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Wahoo and the gm grain debate

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  • GsxInShed
    replied
    ^^^ Other than financial...what are the implications of this exit.? ^^^

    Leave a comment:


  • agrid
    replied
    Interesting.

    http://www.abc.net.au/news/2016-09-1...eeding/7839856

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  • GsxInShed
    replied
    Originally posted by agrid View Post
    Nestle! One of the most despised food companies in the world.
    are you sure..??

    Leave a comment:


  • agrid
    replied
    Nestle! One of the most despised food companies in the world.

    Leave a comment:


  • Wahoo
    replied
    Genetically modified organisms are "political dynamite" warns Greg Harvey, chief executive of Interflour, one of Asia's largest millers.
    Singapore-based Interflour, one of the world's largest flour millers, buys 6m tonnes of wheat annually, primarily from Australia, and supplies flour across South East Asia and Turkey.
    Mr Harvey said the technology was "too much of a hot potato".
    "[High profile] companies like Nestle will not have anything that contains GMOs," Mr Harvey said.
    http://www.agrimoney.com/news/gm-cro...oss--9660.html

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  • agrid
    replied
    http://www.abc.net.au/worldtoday/con...6/s4485141.htm

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  • madmick68
    replied
    worth a read...apologies if already posted:

    http://gmoinquiry.ca/wp-content/uplo...rops-foods.pdf

    Leave a comment:


  • Wahoo
    replied
    Farmers have compulsory levies on every tonne of grain produced that is the primary funder of GRDC which funds research and development. The biodiversity for pest and climatic change is non-GM. There is no commercial release anywhere in the world of GM wheat or barley.

    Leave a comment:


  • Skut
    replied
    Originally posted by agrid View Post
    This response highlights just how much you more need to learn about agricultural research, biosecurity and market access.

    I have co-authored several papers with one of the professors at UC Davis and, given that you have apparently heard of this university, you might be interested in this presentation by one of their Cooperative Extension Specialists.

    http://169.237.28.91/AnimalBiotech/m...iryWebinar.pdf

    - - - Updated - - -

    A range of biotypes exist throughout the world where RWA is distributed, with 8 biotypes in the USA alone.
    This variation poses a serious threat to Australia’s barley and wheat production, as an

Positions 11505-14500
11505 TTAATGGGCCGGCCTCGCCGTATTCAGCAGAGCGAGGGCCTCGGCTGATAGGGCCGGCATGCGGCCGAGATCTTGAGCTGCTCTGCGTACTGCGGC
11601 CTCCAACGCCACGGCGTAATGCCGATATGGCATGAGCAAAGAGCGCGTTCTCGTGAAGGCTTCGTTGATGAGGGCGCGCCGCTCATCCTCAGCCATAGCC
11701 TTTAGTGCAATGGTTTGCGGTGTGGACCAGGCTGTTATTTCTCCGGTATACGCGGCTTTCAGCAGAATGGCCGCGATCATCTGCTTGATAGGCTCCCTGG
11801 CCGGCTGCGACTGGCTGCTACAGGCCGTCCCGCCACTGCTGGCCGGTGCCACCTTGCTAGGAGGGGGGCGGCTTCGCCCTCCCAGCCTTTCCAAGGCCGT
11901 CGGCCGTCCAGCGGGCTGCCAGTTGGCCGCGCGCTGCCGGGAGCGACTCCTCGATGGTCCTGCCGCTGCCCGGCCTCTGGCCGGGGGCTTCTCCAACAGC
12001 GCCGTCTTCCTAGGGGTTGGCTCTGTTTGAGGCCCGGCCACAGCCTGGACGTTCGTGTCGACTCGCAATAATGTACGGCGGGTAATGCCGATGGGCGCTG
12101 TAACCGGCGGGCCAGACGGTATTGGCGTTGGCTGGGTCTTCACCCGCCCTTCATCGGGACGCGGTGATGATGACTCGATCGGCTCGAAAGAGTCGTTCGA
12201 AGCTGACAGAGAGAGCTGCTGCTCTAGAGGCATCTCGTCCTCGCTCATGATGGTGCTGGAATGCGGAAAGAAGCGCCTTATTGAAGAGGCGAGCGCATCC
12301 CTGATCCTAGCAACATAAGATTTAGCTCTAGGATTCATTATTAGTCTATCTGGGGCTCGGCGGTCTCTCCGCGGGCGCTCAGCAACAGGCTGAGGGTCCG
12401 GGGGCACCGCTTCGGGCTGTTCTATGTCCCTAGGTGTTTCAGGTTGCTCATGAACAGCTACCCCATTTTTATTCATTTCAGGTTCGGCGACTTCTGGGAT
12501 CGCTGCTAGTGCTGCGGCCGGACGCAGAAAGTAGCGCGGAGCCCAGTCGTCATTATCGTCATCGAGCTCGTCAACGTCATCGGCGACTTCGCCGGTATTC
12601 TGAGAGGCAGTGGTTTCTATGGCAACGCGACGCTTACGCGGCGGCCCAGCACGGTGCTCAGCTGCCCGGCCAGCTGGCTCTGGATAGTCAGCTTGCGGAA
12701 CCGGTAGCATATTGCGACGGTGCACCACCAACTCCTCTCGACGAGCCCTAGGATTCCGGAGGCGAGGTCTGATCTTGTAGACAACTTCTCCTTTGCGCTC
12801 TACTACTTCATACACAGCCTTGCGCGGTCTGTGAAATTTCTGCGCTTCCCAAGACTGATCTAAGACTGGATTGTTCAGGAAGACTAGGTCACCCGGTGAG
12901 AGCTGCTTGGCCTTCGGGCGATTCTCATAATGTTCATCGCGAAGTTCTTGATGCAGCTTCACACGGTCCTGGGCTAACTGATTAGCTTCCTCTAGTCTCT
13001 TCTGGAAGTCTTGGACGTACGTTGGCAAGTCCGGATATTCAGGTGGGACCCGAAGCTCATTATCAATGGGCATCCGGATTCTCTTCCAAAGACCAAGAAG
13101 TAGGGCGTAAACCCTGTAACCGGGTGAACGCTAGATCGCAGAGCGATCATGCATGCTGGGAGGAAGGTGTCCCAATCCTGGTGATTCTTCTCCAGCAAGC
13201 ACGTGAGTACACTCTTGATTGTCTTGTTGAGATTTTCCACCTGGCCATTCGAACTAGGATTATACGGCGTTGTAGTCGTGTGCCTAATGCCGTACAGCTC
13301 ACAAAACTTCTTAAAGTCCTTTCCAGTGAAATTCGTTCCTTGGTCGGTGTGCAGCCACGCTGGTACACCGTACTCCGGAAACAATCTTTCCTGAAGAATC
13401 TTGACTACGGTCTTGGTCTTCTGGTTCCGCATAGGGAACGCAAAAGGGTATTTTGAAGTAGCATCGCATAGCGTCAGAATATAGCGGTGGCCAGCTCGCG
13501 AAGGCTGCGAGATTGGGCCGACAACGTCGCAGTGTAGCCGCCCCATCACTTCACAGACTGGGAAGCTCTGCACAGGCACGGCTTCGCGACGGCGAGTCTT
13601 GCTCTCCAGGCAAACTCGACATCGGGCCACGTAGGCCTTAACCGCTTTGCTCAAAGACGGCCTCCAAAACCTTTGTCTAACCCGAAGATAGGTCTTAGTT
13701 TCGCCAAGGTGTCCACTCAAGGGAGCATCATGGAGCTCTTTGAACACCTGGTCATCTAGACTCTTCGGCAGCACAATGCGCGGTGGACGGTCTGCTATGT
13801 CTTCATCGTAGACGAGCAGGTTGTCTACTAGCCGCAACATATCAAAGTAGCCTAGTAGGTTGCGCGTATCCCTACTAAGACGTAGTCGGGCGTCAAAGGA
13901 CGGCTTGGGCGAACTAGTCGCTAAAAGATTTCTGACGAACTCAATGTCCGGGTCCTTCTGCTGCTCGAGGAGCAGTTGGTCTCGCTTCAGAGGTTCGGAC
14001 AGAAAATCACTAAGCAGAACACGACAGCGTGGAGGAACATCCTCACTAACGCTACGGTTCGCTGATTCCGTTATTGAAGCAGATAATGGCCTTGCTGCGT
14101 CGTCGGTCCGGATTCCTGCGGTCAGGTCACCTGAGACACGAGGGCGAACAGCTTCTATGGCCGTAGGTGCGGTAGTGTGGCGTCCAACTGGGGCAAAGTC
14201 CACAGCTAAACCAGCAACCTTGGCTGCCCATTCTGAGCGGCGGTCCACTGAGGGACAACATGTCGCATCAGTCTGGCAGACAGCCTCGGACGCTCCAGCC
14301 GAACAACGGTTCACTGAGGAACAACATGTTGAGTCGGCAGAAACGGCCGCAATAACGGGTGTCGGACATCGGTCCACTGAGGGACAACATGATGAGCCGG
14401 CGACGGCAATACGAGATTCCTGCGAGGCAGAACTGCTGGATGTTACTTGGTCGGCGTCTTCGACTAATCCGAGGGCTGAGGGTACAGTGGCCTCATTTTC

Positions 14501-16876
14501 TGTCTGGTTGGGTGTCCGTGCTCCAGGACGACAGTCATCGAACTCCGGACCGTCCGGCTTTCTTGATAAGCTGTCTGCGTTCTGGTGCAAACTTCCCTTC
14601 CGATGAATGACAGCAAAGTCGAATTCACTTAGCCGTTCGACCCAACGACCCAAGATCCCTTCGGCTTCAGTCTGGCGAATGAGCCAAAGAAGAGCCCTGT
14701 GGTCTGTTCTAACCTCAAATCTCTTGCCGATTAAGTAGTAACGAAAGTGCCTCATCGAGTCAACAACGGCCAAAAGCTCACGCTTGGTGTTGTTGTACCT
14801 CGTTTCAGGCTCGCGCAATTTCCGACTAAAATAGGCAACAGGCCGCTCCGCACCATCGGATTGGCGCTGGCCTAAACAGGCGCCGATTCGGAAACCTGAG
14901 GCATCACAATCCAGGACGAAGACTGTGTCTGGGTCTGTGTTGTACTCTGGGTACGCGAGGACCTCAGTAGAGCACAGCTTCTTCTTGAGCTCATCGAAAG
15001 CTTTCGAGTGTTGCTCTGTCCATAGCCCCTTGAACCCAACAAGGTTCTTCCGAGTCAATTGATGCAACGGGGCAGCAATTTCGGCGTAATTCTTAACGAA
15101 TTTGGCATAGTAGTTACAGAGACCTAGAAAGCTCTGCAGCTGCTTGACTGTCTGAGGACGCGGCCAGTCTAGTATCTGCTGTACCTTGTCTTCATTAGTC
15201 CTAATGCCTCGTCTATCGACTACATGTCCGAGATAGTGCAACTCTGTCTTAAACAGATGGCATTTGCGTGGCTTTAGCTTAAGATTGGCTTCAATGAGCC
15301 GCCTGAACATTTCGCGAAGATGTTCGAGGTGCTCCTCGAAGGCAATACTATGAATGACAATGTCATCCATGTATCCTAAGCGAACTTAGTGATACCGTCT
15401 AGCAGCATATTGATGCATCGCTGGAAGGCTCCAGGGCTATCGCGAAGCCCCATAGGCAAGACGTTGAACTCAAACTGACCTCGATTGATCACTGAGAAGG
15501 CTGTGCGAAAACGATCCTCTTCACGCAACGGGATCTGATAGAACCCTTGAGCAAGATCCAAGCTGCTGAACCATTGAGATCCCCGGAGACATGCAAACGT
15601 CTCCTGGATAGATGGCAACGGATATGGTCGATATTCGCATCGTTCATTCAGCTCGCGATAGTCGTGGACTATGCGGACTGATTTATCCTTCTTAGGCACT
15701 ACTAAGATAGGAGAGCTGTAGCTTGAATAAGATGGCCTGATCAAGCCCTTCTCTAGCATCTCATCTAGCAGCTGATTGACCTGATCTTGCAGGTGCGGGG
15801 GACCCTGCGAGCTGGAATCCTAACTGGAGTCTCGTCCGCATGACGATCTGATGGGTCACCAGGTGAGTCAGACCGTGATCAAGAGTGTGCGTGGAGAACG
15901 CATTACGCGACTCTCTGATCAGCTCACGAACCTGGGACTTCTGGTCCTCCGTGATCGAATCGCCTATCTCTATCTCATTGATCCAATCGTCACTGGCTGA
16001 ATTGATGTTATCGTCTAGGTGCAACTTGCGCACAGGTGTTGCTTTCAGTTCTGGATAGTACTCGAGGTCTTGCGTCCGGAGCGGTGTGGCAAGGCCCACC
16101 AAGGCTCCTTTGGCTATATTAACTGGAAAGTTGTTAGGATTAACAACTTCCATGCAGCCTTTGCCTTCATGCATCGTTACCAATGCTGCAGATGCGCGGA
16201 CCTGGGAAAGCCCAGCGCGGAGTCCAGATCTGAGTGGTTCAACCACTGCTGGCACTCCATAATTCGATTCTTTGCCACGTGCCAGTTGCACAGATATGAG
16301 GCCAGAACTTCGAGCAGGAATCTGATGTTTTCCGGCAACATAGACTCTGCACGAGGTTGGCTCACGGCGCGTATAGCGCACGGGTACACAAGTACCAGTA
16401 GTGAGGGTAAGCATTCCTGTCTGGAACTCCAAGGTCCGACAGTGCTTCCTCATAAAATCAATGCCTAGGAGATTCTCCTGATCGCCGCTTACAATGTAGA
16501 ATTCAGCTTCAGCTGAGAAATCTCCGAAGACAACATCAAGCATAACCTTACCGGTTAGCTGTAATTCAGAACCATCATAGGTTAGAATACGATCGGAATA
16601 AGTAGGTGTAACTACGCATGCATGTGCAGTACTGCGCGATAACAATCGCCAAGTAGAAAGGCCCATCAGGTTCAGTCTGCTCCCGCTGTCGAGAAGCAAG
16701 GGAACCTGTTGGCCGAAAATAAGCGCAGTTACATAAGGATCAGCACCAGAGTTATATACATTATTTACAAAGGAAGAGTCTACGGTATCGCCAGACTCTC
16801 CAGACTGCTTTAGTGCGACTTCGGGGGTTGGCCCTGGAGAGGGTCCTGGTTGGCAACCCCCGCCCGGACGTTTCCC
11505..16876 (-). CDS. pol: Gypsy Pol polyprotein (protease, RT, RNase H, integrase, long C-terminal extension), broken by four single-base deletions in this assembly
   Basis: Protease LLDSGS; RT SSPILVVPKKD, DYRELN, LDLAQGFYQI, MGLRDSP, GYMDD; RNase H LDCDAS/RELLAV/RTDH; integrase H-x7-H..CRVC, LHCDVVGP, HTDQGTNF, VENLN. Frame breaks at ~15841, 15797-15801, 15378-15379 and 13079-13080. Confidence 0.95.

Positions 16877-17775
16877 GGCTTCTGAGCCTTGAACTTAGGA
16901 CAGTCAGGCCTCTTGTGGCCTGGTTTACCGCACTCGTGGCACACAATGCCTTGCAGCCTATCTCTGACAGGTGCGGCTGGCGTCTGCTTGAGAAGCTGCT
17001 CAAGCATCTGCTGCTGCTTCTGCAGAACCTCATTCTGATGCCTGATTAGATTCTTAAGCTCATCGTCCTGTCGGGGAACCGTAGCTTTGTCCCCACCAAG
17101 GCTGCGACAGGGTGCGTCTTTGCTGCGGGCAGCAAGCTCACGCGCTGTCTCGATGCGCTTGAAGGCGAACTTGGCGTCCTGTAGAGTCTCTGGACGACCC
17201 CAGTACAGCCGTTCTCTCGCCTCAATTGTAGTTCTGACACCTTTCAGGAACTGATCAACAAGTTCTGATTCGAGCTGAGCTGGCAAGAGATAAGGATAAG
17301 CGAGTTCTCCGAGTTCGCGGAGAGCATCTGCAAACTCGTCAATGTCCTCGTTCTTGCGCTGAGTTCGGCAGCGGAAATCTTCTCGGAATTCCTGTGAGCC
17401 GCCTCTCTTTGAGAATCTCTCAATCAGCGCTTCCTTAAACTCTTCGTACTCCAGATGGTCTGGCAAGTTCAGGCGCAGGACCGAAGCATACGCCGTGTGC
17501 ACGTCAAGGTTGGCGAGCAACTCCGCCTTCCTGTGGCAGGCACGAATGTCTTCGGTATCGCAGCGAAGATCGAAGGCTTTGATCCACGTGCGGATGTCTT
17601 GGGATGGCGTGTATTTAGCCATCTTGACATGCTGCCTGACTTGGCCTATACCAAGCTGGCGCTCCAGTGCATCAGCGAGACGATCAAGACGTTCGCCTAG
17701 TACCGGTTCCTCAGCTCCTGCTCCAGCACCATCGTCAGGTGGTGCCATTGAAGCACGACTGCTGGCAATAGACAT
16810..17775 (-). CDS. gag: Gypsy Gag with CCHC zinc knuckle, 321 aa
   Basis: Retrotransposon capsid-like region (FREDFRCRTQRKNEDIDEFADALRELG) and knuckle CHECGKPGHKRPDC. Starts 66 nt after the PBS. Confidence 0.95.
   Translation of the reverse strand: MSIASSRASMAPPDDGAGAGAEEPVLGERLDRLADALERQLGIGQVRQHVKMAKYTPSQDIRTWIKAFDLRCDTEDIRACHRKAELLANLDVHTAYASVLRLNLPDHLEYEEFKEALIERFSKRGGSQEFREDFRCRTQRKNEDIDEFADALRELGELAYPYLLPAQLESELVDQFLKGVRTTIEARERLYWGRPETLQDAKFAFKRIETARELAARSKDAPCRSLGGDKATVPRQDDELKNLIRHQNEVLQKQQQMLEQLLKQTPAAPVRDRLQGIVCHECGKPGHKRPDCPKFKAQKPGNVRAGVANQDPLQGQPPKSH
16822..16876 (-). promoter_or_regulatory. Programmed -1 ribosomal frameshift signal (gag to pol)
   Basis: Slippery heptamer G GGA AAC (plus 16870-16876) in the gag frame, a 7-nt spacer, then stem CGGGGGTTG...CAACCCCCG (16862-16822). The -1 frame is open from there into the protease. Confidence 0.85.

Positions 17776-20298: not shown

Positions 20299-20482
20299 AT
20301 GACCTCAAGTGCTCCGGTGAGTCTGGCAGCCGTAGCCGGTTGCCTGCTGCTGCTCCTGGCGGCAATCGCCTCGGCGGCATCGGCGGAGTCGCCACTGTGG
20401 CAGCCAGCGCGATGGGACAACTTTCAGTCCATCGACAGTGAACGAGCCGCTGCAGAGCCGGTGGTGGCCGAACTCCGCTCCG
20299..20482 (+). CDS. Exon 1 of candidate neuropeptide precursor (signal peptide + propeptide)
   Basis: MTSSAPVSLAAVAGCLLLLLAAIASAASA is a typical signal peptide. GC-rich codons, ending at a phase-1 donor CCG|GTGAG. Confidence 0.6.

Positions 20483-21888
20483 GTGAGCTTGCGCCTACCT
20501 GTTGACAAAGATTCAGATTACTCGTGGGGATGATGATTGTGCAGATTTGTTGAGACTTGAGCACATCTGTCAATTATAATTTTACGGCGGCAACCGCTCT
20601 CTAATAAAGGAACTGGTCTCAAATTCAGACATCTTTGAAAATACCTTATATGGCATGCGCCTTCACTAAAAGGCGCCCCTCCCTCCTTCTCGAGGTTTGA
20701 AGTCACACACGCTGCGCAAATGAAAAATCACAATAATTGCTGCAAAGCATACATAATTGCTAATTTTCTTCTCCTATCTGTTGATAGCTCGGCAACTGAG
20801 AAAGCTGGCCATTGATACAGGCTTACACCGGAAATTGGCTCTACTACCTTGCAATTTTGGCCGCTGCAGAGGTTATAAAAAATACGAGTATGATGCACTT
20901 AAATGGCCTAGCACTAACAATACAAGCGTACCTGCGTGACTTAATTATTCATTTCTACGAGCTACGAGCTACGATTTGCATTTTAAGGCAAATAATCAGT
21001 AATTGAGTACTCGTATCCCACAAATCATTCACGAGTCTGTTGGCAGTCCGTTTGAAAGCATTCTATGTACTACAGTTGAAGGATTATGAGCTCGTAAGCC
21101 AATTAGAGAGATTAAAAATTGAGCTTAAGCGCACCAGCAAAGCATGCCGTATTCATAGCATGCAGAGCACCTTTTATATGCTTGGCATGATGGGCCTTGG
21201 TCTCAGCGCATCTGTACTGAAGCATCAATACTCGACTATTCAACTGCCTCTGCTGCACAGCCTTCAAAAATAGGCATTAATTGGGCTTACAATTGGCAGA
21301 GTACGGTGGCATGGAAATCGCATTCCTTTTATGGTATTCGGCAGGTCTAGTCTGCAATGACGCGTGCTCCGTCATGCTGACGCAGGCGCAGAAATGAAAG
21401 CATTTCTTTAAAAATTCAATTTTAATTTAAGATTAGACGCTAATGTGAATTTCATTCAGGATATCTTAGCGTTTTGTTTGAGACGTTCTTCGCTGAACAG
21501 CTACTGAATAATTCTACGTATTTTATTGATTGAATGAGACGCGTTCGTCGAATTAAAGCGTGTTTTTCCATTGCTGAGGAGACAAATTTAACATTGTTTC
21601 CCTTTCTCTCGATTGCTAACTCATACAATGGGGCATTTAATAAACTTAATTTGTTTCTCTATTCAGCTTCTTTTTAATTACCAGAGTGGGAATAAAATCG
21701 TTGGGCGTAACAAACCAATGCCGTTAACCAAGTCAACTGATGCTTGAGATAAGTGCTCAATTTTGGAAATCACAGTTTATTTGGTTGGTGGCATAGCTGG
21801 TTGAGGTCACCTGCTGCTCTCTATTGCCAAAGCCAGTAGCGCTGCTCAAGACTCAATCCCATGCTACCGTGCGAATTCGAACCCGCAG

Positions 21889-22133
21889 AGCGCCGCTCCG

incursion’s origin will influence the level of resistance that will be available in our varieties. As such, GRDC
    are conducting research for pre-emptive breeding to develop wheat and barley varieties
    with RWA resistance with wide adaptation to Australia’s grain growing regions.
    Some unscientific dickhead has been banging on in this thread about crop bio-diversity being important for food security so as not being decimated by a single pest or climactic change since that would be logical.

    I am glad your quoting of studies brings you to a similar yet roundabout and painful conclusion

    Leave a comment:


  • Taylor
    replied
    The dicks are swinging in here lately.

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  • Wahoo
    replied
    Originally posted by agrid View Post
    This response highlights just how much you more need to learn about agricultural research, biosecurity and market access.

    I have co-authored several papers with one of the professors at UC Davis and, given that you have apparently heard of this university, you might be interested in this presentation by one of their Cooperative Extension Specialists.

    http://169.237.28.91/AnimalBiotech/m...iryWebinar.pdf
    .
    Oh, I see, it is not about GM, it is about the work you do. Fair enough as I mistakenly thought you were implying it was a reason for GM wheat.
    And I do appreciate research and biosecurity. Have no intention to claim I know as much as you do on this topic though as it is your area of expertise.
    Last edited by Wahoo; 02-06-2016, 06:48 AM.

    Leave a comment:


  • GsxInShed
    replied
    Originally posted by simmrr View Post
    So how would you gm against aphids?
    Raise the temperature of the planet by 0.2-2.5 deg annually over a 5-50 year period.

    Some immediate crop losses may be evident...in the long term balance will be restored.

    In some cases eradication is simple... burn the lot... regrow with minimal loss of income....For the supermarkets.